But with close to 12% of the Russian population (17 million individuals) possessing crypto wallets, the second-highest share globally, it is a scenario not too difficult to imagine unfolding. The IIF expects “crypto-related issues [to] gain in importance as financial sector sanctions weigh on Russia’s ability to conduct cross-border transactions,” it wrote in a June note. 

Before the war, Russia’s central bank planned on banning crypto assets. Now the IIF says it is preparing to legalize and regulate them, and is expected to issue its own digital ruble by the end of the year. The IIF says the decentralized nature of blockchain technology and crypto cur-rencies could help Russia avoid sanctions. 

However, these digital tools are available to all, not just Russia. “Blockchain can be used by incumbents as well as disruptors,” Véron says. “Swift could offer a service using this new technology as much as anyone else.” 

Yet, cryptocurrencies are unlikely to provide a satisfactory alternative as the  US and EU have sought to close any crypto-based loopholes in sanctions. Secondly, according to the IIF, the global crypto market is insufficient as a channel for broad sanctions circumvention due to its volatility and relatively small market capitalization, which slumped under $1 trillion for the first time recently.

Alternatives Under Construction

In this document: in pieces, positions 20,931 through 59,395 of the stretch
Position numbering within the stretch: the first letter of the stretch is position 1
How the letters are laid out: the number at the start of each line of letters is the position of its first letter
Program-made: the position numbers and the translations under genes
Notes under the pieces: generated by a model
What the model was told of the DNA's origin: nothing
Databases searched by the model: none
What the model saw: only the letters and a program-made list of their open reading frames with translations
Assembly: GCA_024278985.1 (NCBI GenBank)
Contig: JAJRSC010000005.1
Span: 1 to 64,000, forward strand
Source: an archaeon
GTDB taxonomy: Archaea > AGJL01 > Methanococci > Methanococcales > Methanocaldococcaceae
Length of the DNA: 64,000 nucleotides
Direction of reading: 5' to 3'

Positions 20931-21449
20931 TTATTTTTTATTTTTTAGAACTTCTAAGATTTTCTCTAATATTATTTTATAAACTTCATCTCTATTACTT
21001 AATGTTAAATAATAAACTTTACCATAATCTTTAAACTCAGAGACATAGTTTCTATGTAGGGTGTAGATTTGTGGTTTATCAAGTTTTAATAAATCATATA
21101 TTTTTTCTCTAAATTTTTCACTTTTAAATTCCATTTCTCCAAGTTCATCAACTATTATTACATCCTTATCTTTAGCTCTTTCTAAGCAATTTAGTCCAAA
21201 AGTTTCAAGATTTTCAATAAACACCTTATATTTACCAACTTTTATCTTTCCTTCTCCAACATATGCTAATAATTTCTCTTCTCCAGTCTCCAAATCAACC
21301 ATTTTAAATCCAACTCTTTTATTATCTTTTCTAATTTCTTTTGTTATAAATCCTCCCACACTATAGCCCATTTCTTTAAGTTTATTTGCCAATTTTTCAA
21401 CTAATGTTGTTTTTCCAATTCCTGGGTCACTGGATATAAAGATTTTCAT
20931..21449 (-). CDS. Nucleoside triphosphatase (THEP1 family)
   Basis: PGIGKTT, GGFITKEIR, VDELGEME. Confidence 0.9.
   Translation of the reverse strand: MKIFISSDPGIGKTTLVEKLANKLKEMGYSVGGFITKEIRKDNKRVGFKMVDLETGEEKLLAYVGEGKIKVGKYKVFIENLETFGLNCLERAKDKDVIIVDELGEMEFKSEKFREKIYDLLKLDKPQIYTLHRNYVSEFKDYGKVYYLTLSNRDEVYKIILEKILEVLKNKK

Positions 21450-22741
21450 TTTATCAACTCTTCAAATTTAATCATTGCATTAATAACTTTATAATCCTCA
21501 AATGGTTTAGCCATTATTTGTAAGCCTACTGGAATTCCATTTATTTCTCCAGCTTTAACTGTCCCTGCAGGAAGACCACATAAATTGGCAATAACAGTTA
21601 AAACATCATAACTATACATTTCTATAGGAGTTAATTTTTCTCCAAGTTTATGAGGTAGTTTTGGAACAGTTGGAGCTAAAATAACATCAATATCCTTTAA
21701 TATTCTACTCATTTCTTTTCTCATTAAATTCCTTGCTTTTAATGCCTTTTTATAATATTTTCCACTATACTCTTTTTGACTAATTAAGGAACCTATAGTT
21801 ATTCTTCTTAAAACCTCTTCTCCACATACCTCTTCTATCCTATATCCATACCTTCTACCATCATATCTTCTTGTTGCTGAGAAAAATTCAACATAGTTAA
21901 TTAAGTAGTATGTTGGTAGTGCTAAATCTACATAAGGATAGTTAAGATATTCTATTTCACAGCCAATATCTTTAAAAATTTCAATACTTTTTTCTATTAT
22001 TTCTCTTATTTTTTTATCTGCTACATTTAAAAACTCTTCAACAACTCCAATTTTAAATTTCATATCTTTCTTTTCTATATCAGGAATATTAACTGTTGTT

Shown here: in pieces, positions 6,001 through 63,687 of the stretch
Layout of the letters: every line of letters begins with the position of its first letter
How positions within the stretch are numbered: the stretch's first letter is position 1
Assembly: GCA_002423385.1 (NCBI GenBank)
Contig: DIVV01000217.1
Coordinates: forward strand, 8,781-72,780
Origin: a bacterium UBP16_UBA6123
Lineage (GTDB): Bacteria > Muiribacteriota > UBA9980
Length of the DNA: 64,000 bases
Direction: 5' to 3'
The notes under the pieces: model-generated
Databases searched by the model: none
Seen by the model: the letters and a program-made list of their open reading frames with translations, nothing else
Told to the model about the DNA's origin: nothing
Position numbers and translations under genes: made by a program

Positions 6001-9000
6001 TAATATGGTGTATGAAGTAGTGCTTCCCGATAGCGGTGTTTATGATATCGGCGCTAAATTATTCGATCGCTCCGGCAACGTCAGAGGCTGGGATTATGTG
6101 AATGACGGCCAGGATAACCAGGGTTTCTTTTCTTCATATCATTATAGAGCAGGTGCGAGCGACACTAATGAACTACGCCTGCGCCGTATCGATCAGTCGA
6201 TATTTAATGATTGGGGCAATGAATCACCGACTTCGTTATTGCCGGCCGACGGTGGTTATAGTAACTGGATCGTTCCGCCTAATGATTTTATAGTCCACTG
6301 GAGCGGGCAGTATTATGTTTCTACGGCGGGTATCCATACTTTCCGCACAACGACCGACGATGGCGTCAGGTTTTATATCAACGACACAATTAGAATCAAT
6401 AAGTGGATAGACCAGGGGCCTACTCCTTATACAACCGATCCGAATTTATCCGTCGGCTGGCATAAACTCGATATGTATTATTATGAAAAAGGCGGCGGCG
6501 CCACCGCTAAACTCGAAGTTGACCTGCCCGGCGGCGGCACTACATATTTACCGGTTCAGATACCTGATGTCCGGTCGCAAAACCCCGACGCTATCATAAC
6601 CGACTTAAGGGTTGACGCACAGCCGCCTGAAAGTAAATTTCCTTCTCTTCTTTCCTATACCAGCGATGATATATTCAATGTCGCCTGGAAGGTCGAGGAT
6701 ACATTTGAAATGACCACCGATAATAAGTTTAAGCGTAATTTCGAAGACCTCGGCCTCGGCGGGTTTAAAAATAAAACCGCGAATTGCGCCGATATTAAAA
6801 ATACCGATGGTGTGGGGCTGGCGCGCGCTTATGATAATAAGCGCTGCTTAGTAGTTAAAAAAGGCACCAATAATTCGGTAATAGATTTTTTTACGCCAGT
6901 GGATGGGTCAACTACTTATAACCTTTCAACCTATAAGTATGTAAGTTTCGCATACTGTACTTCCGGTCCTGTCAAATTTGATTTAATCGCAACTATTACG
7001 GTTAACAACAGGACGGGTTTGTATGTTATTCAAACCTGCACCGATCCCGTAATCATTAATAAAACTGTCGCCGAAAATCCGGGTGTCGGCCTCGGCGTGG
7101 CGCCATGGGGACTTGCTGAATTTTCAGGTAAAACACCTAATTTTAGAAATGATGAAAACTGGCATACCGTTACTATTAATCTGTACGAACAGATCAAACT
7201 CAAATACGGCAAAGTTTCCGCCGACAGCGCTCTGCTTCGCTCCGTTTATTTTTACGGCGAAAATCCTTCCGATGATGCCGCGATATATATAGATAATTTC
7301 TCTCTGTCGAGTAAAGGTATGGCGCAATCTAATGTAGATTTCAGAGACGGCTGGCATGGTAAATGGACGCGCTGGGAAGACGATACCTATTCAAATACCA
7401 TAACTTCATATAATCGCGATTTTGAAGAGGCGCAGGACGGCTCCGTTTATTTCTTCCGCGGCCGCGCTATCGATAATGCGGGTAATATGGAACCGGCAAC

Following the deSwifting of seven Russian banks back in March, Venezuelan president Nicolas Maduro told Telesur, a Latin American terrestrial and satellite television network: “Fortunately, we don’t run bank-ing with the Swift system. We are happy not to operate a banking system dominated by countries that promote destabilizing actions in other nations.”  Venezuela runs bank transactions with its own digital cur-rency, the Bolivar, Maduro added. 

In light of the sanctions imposed by “unfriendly countries,” Russia’s cen-tral bank is also  ramping up efforts to connect additional international partners to its System for the Transfer of Financial Messages (SPFS), which routes transac-tions between Russian banks without using Swift’s infrastructure. As of March 2018, an estimated 400 banks (mostly Russian) were believed to be connected to SPFS, while 23 foreign banks from Armenia, Belarus, Germany, Kazakhstan, Kyrgyzstan and Switzerland are said to have joined the system in 2020. 

The Indian government is considering a proposal to use Russia’s SPFS for rupee-ruble-denominated payments. Iran, also cut off from Swift, is also reportedly mull-ing Russia’s alternative messaging system. There is talk of similar agreements with China, and the Eurasian Economic Union.